Wednesday 28th December, 2011

A disorganised hip and confused bowels!

I had a hospital check-up, so Sue and I had to leave before the Jackson's departure for Worthing.

As usual, the day started with a blood test. There was virtually no queue, so we then had 2 hours to wait in Costa before my appointment in the haematology department. That give me lots of opportunity to catch up with email and maintain this blog.

When we go to the haematology department, I was not expected. I did have an appointment card showing the time of my appointment. In the event, I saw Dr. Roy about 20 minutes earlier than I expected.

The blood test showed normal levels, so I can gradually stop the precautions against infection, such as sticking to boiled water. I can also gradually stop most of the medication I have been taking to counter the effects of the chemo-therapy.

The follow-up consultation after my scan is set for 16th January. I asked again about my planned trip to The Open Group meeting in San Francisco at the end of January. Without seeing the results of the scan, the consultant was not prepared to give me an answer, but expects to be able to give me the go ahead.

I was still suffering from discomfort and pain from my hip and my bowels. I got interesting answers.

A "disorganised" hip

For the first time, the consultant showed me pictures of my hip from the CT scans I have already had. I was very surprised. When I was originally told that I had a fractured hip, I pictured in my mind, an X-ray of a bone with a clearly defined break. Dr. Roy used the term "disorganised" rather than fractured and when I saw the picture, I realised what he meant.

The scan of my pelvis showed a nicely defined white bone mass on my left and on my right .. virtually nothing! There were a few fragments of white bone, but large gaps where bone should have been. So, I had disconnected pieces of pelvis held together by the tumour. The second scan a couple of months later showed that the tumour had reduced in size and there was some limited regrowth of bone, but still quite large gaps. The scan in January will determine what treatment is required next.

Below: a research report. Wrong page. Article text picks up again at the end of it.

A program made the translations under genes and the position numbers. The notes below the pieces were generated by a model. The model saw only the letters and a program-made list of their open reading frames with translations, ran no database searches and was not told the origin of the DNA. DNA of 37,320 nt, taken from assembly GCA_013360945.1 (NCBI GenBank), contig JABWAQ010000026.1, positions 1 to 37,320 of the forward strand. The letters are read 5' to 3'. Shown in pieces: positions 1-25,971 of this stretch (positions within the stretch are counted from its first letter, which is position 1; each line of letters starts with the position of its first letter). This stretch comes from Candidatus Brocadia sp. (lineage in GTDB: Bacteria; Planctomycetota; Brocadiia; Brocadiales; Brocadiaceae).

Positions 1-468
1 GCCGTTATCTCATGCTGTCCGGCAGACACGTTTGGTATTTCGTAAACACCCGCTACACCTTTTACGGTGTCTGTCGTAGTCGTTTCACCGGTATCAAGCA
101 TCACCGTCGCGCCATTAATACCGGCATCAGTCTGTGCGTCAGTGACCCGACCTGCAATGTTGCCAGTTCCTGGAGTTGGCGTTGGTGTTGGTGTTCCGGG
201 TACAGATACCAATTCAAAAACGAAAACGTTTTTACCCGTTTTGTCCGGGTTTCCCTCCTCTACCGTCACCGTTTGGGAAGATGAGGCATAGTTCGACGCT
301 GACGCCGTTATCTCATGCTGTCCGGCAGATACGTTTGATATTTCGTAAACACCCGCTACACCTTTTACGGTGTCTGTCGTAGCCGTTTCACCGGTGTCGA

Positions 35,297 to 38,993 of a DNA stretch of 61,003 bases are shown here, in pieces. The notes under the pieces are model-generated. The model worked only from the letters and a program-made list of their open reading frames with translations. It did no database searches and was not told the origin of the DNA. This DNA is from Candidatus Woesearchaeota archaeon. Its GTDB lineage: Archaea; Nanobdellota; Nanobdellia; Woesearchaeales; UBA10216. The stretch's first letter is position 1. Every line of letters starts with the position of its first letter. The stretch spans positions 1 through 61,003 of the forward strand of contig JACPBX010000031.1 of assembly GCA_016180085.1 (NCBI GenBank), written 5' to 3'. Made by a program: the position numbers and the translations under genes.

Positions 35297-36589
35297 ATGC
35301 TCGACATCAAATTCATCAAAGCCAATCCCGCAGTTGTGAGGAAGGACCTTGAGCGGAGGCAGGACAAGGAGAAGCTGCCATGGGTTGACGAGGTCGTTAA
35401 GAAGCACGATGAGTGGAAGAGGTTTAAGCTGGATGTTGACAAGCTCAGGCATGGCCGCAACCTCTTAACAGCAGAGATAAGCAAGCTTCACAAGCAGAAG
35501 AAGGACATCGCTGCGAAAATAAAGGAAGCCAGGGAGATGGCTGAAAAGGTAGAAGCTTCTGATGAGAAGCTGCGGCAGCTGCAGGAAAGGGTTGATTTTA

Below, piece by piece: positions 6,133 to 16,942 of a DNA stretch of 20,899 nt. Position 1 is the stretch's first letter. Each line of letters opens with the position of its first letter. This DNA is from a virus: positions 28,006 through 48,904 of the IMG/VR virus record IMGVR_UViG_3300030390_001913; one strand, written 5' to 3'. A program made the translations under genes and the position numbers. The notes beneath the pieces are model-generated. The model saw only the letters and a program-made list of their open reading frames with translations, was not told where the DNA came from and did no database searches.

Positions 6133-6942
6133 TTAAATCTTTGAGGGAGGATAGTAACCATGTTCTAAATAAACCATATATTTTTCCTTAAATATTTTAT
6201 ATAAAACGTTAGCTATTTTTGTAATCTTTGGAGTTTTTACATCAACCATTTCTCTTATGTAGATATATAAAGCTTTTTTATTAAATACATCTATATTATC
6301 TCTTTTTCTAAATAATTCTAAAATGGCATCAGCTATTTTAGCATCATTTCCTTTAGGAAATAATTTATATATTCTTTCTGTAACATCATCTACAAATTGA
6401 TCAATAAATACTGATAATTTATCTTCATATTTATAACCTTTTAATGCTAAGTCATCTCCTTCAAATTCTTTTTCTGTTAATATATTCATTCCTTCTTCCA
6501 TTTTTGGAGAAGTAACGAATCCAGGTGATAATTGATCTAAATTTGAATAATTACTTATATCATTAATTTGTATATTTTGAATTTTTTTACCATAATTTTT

The message from the consultant was that it would take a long time for the bone to grow back and there was a chance that it would never fully recover. In the meantime, I should expect pain and expect to take painkillers so that I can continue to sleep at night and move around in the day. So, my morning morphine tablet has been reinstated.

"Confused" bowels

In terms of my digestive system, Dr. Roy used the term "confused" and confirmed my view that all of the drugs I have been taking and in particular one called Vincristine have an impact on the digestive system. My system should become more regular as the drugs are cleared from my body over the next few weeks. The longest "half life" of the drugs I have been taking is 30 days.

After the check-up we (Sue, Cathy and I) went to Pizza Hut for lunch. I was now getting close to the time when I can no longer use the excuse that red wine is the safest drink in terms of risk of infection, but kept to it today.

After lunch I got my Christmas present from Sue, a new PC. My old one was getting increasingly unreliable, often needing several attempts to boot up, probably because of a hard disk that was failing to get up to speed.

I was unsure whether to get another laptop or a desktop system. In the end, I decided that a desktop takes up too much space and found a very nice 17.3" Sony laptop with lots of memory and a fast 64-bit processor on offer.

Setting it up to the point where I could do constructive work took about an hour and another couple of hours allowed me to install virtually of the software I need. I still keep all of my data on an external portable drive to facilitate the use of different computers at different times, so what I needed to do was to set up a compatible software environment.

We had a pretty lazy evening, watching Harry Potter and the Deathly Hallows Part 1, which took virtually all of the evening.